DALL-E Image Size; What Users Need to Know

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Written By Thomas Smith

The New York Times called Thomas Smith a "veteran programmer." For over a decade, Smith has led Gado Images, an AI-driven visual content company.

If you’re considering creating content using OpenAI’s DALL-E platform, you may wonder how big the images the DALL-E produces will be. Are they large enough to print out or large enough to use as a high-resolution image on a website?

The images generated by DALL-E are 1024 x 1024 pixels. That’s equivalent to about a one-megapixel image.

That’s not a very large image based on today’s imaging standards. Even a rudimentary cell phone can take photos that are 12 megapixels or larger. The best digital cameras out there at the moment can take pictures that are 50 or more megapixels.

That said, there’s a simple way to change the size of your DALL-E images, making them large enough to print out or to use on websites designed for higher-resolution screens.

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Why are DALL-E Images So Small?

As we covered in a previous article, AI image generators like DALL-E create images using a complex technique. They begin with what’s essentially static and then digitally chip away at it until they end up with an image that approximates the prompt that a prompt engineer or synthographer gave to the system.

The more pixels they need to generate, the longer this process takes. In turn, that increases the computer time needed to generate an image, and increases its cost.

Training the system to create bigger images is also more computationally expensive. For that reason, the creators of systems like DALL-E have to choose a “Goldilocks” size for the images; big enough for people to use, but small enough that their models can be trained quickly and can produce images quickly and at a reasonable cost.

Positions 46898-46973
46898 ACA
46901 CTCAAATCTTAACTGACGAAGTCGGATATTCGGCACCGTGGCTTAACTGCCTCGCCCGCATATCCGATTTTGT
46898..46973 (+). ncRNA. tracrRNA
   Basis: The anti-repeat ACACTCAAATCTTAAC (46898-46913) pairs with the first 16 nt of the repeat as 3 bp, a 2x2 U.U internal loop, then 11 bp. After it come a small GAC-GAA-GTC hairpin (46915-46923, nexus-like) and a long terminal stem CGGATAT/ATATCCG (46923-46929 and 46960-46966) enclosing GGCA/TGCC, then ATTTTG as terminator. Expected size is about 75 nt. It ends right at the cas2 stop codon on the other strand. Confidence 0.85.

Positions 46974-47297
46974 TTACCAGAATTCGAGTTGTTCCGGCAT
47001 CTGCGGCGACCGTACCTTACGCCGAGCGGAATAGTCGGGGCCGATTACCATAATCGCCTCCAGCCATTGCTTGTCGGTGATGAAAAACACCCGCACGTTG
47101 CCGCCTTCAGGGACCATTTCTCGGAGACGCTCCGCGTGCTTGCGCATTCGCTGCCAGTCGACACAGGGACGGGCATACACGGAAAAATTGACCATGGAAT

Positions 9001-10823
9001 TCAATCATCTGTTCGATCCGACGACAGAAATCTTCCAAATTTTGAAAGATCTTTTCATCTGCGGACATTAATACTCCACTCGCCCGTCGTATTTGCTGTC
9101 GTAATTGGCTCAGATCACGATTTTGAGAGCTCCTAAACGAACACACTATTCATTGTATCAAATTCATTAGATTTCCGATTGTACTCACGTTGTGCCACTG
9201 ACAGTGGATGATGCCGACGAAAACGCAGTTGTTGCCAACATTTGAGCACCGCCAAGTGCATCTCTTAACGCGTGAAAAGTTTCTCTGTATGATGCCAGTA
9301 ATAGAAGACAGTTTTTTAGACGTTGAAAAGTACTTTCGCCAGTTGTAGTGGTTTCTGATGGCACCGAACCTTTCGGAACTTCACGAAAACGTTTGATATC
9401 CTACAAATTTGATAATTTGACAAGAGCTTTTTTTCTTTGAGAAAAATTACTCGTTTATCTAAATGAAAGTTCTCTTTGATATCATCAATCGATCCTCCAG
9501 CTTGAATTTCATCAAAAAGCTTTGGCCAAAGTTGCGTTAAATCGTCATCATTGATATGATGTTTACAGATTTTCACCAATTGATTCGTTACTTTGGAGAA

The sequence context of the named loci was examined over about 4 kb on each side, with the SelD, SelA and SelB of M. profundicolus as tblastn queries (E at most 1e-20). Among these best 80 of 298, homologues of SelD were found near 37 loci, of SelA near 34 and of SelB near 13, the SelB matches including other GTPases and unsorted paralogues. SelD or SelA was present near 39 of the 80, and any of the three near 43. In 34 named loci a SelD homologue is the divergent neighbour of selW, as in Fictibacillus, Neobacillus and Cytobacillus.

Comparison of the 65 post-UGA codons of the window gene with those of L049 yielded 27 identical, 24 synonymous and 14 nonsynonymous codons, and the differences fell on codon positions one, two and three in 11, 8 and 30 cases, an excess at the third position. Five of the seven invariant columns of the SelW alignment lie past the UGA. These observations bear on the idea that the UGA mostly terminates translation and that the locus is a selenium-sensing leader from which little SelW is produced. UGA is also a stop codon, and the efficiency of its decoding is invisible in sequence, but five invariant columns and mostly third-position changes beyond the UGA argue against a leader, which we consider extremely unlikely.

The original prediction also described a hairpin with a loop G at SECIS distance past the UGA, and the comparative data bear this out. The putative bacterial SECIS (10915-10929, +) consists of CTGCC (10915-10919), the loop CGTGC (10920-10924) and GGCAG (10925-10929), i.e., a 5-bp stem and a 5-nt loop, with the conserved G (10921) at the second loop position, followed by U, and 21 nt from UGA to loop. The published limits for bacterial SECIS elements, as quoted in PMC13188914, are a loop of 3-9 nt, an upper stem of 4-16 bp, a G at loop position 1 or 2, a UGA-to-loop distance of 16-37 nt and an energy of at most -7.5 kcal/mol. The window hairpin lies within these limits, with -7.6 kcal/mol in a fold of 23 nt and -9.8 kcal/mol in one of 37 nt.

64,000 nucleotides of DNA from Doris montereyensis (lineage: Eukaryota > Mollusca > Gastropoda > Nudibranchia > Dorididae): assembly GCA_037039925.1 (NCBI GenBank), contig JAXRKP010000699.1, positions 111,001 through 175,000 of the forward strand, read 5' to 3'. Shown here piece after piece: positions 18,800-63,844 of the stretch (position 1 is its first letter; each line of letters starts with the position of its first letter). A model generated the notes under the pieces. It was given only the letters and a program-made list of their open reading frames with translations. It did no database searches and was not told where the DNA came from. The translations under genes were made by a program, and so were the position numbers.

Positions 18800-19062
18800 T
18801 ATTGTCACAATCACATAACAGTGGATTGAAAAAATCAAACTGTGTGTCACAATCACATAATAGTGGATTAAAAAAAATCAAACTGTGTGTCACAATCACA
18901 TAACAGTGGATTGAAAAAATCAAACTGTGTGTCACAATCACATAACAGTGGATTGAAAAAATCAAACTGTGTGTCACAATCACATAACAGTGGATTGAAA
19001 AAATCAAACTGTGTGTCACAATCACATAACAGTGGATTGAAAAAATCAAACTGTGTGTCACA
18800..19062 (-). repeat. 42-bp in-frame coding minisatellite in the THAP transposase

OpenAI seems to have chosen 1024 pixels because it’s a common size used on the web. Where 640 pixel images used to be the standard for an acceptably sized image on the Internet, 1024 pixels is now a common standard.

DALL-E probably builds on that, creating images that just barely meet the acceptable standard for a web image today.

Issues with DALL-E’s image size

The challenge is that, while DALL-E images are acceptable for the web, they usually need to be higher resolution for a print. And for some modern websites, even a 1024-pixel image isn’t enough.

Today’s cell phone screens use increasingly higher resolutions. They can display images at a much higher pixel density. Using small images means a lower quality on these screens.

Certain gatekeepers of the modern Internet also require larger images. Google’s Discover platform, for example, requires images that are at least 1200 pixels wide. By default, the images created by DALL-E do not meet that standard.
Increasing the size of your DALL-E images.

Luckily, there’s an easy way to increase the size of your DALL-E images. AI upscaling is another AI-driven technology that has exploded in the last few years. It’s able to intelligently add pixels to images, increasing their size by a factor of four times or more without a major loss of quality.

The simplest upscaling tool is Upscaler from StockPhotos.com We worked out a deal where our readers get 10 free images, and after that, they charge about $.35 per upscaled image.

Upscaler uses neural networks to increase the size of images four times or more. That means that your DALL-E images will be about 4000 pixels wide after using the service.

A more advanced option is Topaz AI. This is desktop software that’s the top-of-the-line option for upscaling images. The downside, though, it’s pricey. Topaz usually costs about $150, at least. It also has a steeper learning curve.

  • If you need a fast and easy option to upscale your DALL-E images, Upscaler is the best bet.
  • If you have a huge number of images and are willing to make an investment, Topaz is a solid option.
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The future of AI image size

Upscaling is already being built into several tools for AI image generation, and it’s likely that trend will continue. Most tools will probably offer upscaling built directly into their interfaces sometime in the near future.

Until that happens, prompt engineers will have to live with a smaller size of AI-generated images. That means using services like Upscaler or Topaz to increase the size of those images, or finding uses for images that don’t require as many pixels.

Social media, for example, rarely uses images bigger than a thousand pixels. That’s part of the reason why DALL-E images do so well on social.

If you’re planning to post images to social platforms mostly, you might not need upscaling. For everyone else, though, upscaling tools are the way to go when you need a larger size image out of DALL-E.

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